Berg River redfin

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Berg River redfin
Scientific classification
Kingdom: Animalia
Phylum: Chordata
Class: Actinopterygii
Order: Cypriniformes
Family: Cyprinidae
Genus: Pseudobarbus
Species: P. burgi
Binomial name
Pseudobarbus burgi
(Boulenger, 1911)

The Berg River redfin (Pseudobarbus burgi) or Berg redfin is an African freshwater fish species in the family Cyprinidae. The Burchell's redfin (P. burchelli), the type species of its genus Pseudobarbus, is a very close relative. The Berg River redfin is tetraploid.[1]

It is endemic to the Western Cape Province of South Africa, where it occurs in the upper Berg River and its tributaries Boesmans, Goedverwacht, Hugo, Krom, Leeu and Wemmers Rivers. Similar fishes in the Verlorenvlei have turned out to belong to a distinct species, which is undescribed as of 2007. Formerly a population of either species was also found in the Eerste River.[2]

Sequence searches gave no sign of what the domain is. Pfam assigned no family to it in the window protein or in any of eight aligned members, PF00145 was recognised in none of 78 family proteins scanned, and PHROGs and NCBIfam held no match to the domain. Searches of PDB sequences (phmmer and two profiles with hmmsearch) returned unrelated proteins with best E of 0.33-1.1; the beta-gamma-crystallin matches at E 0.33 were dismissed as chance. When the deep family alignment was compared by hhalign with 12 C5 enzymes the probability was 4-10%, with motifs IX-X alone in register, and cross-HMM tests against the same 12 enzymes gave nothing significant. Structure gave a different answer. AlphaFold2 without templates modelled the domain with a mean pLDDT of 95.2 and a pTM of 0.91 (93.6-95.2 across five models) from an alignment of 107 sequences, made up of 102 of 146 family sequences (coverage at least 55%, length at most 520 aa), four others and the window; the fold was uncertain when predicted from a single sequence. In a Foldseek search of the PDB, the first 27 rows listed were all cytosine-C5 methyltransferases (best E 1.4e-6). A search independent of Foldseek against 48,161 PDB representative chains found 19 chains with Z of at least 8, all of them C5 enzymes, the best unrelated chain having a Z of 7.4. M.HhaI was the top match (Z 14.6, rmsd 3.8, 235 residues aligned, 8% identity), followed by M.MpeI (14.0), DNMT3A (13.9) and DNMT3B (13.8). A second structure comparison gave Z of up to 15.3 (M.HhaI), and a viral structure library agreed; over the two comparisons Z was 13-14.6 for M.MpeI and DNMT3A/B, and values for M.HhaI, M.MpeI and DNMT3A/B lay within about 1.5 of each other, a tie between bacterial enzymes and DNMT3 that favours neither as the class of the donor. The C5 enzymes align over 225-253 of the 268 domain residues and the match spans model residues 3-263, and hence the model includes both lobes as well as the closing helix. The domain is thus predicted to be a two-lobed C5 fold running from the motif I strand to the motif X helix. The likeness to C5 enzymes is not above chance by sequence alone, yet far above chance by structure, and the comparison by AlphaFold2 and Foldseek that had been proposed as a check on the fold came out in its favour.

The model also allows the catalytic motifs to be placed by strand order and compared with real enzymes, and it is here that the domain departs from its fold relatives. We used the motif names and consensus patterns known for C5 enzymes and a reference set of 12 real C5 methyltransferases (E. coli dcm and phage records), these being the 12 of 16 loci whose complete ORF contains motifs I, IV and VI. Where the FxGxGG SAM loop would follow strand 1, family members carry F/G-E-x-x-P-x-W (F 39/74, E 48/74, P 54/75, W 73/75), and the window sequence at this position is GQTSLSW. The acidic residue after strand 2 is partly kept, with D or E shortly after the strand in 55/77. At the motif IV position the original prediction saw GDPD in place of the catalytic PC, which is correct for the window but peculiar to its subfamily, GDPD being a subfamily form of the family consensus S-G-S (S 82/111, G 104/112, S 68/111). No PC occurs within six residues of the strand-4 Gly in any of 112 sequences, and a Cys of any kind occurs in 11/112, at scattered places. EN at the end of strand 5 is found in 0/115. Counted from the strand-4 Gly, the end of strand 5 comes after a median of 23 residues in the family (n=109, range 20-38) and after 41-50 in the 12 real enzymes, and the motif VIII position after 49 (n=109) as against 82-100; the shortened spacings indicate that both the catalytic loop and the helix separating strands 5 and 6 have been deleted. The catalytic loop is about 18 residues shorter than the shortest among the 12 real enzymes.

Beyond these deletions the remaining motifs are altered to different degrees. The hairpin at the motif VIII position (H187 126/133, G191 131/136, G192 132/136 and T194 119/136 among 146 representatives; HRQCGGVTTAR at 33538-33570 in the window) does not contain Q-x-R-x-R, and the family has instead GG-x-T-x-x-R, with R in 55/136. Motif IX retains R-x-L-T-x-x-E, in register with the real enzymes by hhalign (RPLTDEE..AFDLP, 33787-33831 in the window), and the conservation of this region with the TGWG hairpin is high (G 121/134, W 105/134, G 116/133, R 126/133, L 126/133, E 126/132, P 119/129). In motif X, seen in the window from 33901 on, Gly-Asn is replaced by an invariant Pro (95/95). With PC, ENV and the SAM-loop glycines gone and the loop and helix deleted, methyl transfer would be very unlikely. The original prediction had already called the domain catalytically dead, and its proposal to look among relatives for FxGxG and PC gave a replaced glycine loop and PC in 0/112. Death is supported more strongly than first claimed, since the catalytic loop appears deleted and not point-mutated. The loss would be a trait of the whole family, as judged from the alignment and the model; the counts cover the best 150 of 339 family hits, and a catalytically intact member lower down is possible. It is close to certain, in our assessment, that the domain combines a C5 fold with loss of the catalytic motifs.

It inhabits clear oligotrophic waters with low hardness. This species is considered Endangered by the IUCN as it has declined much in recent decades; at least in the Boesmans River its numbers are still dropping. Apart from overuse of the rivers' water, the main threats are the introduced rainbow trout (Oncorhynchus mykiss) and smallmouth bass (Micropterus dolomieu). In particular the latter simply eats up the entire stock of Berg River Redfins whenever it manages to settle a stretch of river. The higher reaches of the rivers are too cold for the perch to thrive; here, the trout are the bigger problem. The impact of the African catfish (Clarias gariepinus), another non-native species, has not yet been assessed, as it has not been present for long. No conservation plan has been proposed for P. burgi yet.[2]


  1. ^ de Graaf et al. (2007), Impson & Swartz (2007)
  2. ^ a b Impson & Swartz (2007)